Hi Doug. Yes that's correct, the trainer socket on the back of the TX is used for the firmware update. I found the info for the TX mod on another site and happened to need a few bits and bobs from Hobbyking so I added them to my order, so for £18 I can unlock the 10 channels that the system will support 👍😁 As I said I've not done the mod yet but when I start the new build I'll probably do the update and then use the old 6 channel RX in the new boat and store a new model preset in the TX just for 6 channels. Robbob.
Hi Colin. Welcome to the forum and congratulations on your good choice of model 👍. I bought all of the brass pins I used from a UK based eBay seller http://www.ebay.co.uk/itm/SOLID-BRASS-PANEL-PINS-15mm-20mm-2... I can't imagine that something similar would not be available in Oz, try a good joinery or cabinet makers supply outlet. I mostly used the 15mm size and used, quite surprisingly, a total of around 500 😱. These pins have a tapered head rather than a flat one so that they can be punched flush, or just below the surface of the wood very easily. This is important when pinning the side and bottom skins so that the pin hole can be filled and sanded to give a very smooth surface for finishing. Also, when pinning the thin wood strips always pre-drill the wood to stop the wood from splitting. I'm not sure if CMB supply this type but Javro, who replied earlier, may be able to confirm this. Good luck with the build and please do think about posting a build blog on this site and ask as many questions as you need to. As I discovered, the help and advice you will get will be invaluable. Rob.
Hi Paul. I will certainly video the maiden voyage, I'm just waiting for the lake conditions to improve. Thanks for the good advice as always. BTW. I like your 'noisy fireboat', sounds really good, those transducers are very effective 👍 Best. Rob.
http://www.stalbansmes.com/Exhibition.htm Saturday 23rd & Sunday 24th September. A great exhibition with lots to see and something for everyone ! I will be showing my 46" RAF Crash Tender for anyone who wants to see it 😁
Hi lezz57. Good choice 👍 I hope you have as much fun as I have building your crash tender. Please do consider doing your own build blog, they are very helpful and generate a lot of interest and encouragement from the readers. All the best. Robbob😁
Hi Dave. Glad to hear that you enjoyed my blog. I may be doing another one quite soon, all a bit 'hush hush' at the moment and too early to say much about it 😉. Meanwhile I need to get this one in the water, just as soon as the lake fills up and the weed dies down 😡 Robbob.
Having spent so much time adding fittings and detail to the removable cabin roofs and hatches the last thing I want is for them to be dislodged and see them sink without trace 😱! Having used some amazingly strong neodymium magnets to hold the foam tanks securely in the rear well I was confident that they would be more than powerful enough to hold the various roofs and hatches in place so I scoured eBay for some suitable sizes and shapes. I settled on two sizes, 25x6x3mm and 12x6x3mm and ordered 10 of each, more than I need but so useful to have in the bits box. A word of caution with these magnets, always slide them apart and avoid letting them crash together as the impact can easily break them into pieces, as I discovered. Thankfully I have some spares ! For the engine roof magnets I made a couple of small plywood brackets into which the larger magnets are fixed with epoxy and these were in turn epoxied onto the inside faces of the engine room walls. The mating magnets were let into the underside of the roof frame and firmly glued in place after double checking the mating polarity and orientation. An identical method was used for the forward cabin roof but using the smaller magnets. For the removable panel in the centre section over the motor I used a single pair of small magnets on the rear edge only as the front of this panel is held under the cabin door in a rebated part of the floor that forms the threshold of the door. I had to fit a small brass handle in the rear of this panel so that I could pull the panel up and away as there is no other means of doing so without, I made a ‘hook tool’ from some brass wire for this purpose. The floor panel in the rear cockpit is secured on it’s rear edge by a pair of the larger magnets, the forward edge being held down by the towing hook bracing stays. The removable hatch in the rear cockpit floor was also fitted with two pairs of the smaller magnets let into the underside of the hatch and the hatch framing of the floor. One of the brass handles that I that had previously set into the hatch was bent up slightly so that I could use my brass ‘hook tool’ to release it from the magnets hold. So now all the roofs and hatches are firmly secured by the concealed magnets and are easily removable without any fiddly catches or fixings and now there’s now very little chance of them coming adrift and disappearing! The final finishing detail are the two RAF ensigns, one on the mast and one on the stern flagstaff. The ensigns were made by Mike Allsop Scale Flags & Ensigns who was very helpful and advised me on the most suitable sizes for the 1:12 scale of my boat. His flags are extremely well made, excellent value for money and look very realistic when flying and fluttering !! Mike can be contacted at: email@example.com or by telephone on 01476 573331 They are hand made from a fine and flexible silk cloth that behaves like a real flag even in a slight breeze and are easy to fix with diluted PVA glue. The smaller flag was fitted to the lanyard on the mast as described in the supplied instruction sheet. The ensign on the stern flagstaff was very carefully formed and glued so that the flag was not fixed in one place and could rotate around the shaft of the flagstaff as this piece screws into a brass fitting on the rear deck and this will ensure that it will always find it’s own position. A small brass ring was formed and glued to the flagstaff below the ensign so it would always stay at the top and not slip down. So, all hatches battened down, flags raised and ready for action. That’s just about everything finished now barring any trimming and ballasting required and is ready for it’s maiden voyage. I hope that all of you that have been following my blog have had as much enjoyment reading about my build as I have had in the building and finishing process 😁 And a big thank you to all that have contributed so much with encouraging comments, suggestions and advice 👏 😍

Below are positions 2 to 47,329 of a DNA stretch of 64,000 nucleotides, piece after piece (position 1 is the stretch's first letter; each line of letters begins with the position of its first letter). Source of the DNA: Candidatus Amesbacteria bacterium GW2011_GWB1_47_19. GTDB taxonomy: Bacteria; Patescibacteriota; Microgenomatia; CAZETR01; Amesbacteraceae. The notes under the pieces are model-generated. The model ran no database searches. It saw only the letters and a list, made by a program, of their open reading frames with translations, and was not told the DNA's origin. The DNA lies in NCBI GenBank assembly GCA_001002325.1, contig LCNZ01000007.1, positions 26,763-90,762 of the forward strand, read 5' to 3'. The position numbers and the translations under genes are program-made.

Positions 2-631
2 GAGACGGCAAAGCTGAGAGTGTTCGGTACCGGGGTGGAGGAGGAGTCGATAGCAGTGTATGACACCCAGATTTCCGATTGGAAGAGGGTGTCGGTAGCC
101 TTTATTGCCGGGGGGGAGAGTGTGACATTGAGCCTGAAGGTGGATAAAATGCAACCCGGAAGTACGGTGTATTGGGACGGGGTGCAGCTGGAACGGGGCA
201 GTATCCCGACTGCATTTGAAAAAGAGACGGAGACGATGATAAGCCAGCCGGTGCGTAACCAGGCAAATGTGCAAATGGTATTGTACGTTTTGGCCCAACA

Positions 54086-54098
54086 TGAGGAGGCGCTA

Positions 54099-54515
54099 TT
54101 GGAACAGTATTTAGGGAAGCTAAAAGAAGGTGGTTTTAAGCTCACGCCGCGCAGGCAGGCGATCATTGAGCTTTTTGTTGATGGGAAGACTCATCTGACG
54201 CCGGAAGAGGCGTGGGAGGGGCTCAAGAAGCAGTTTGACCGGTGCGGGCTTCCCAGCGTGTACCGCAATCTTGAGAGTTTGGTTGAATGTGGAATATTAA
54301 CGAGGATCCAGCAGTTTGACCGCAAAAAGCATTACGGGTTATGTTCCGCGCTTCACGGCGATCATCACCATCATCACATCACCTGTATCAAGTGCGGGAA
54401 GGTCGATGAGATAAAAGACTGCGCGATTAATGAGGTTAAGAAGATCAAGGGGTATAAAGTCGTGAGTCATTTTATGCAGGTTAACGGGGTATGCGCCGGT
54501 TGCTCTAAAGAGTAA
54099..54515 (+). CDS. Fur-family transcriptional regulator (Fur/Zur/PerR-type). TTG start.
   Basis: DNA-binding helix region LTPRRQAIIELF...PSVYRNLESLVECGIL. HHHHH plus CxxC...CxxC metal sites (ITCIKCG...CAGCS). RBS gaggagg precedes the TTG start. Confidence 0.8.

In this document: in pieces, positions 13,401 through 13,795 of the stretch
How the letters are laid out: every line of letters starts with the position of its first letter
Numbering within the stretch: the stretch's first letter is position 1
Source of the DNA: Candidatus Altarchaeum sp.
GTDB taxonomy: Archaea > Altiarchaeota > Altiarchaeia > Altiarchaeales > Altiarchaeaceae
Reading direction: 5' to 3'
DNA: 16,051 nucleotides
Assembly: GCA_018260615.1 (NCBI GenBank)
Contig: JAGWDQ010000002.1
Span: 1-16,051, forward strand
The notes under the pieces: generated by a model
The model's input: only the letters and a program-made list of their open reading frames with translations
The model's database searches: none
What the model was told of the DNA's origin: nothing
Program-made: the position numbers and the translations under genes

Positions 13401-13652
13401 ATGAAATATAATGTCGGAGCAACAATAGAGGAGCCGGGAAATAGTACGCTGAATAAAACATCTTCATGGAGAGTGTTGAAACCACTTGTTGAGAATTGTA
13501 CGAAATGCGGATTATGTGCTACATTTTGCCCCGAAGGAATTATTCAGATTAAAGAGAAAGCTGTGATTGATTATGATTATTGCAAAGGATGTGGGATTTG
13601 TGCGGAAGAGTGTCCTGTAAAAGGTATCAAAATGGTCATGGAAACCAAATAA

Salve Saintsalvio. Grazie per i tuoi rimedi gratuiti sul mio lavoro di costruzione della barca. È molto soddisfacente sapere che il mio sforzo è riconosciuto. Spero che "Google Translate" abbia reso leggibile la mia risposta. 😁 Saluti. Robbob.
Hi robhenry Thank you for your complimentary remarks. I didn't really consider building the boat with twin motors and rudders as I wanted to build the kit 'out of the box' to a great extent and also because I was rediscovering the hobby and all of the new technology and techniques that it now benefits from. With the experience I and knowledge that I have now gained I would be not so hesitant to consider such things. I'm grateful for your contribution to Mike's data on the RAF boats as it will have no doubt filtered down to the benefit of my boat build. As I have discovered, surprisingly little information on these boats exists or has been made public despite their popularity with model builders and it would be a great thing if everyone were to pool their knowledge and resources to try and redress this situation. I will certainly try to photograph the boat in action if I can manage the controls and a camera at the same time 😁 Rob.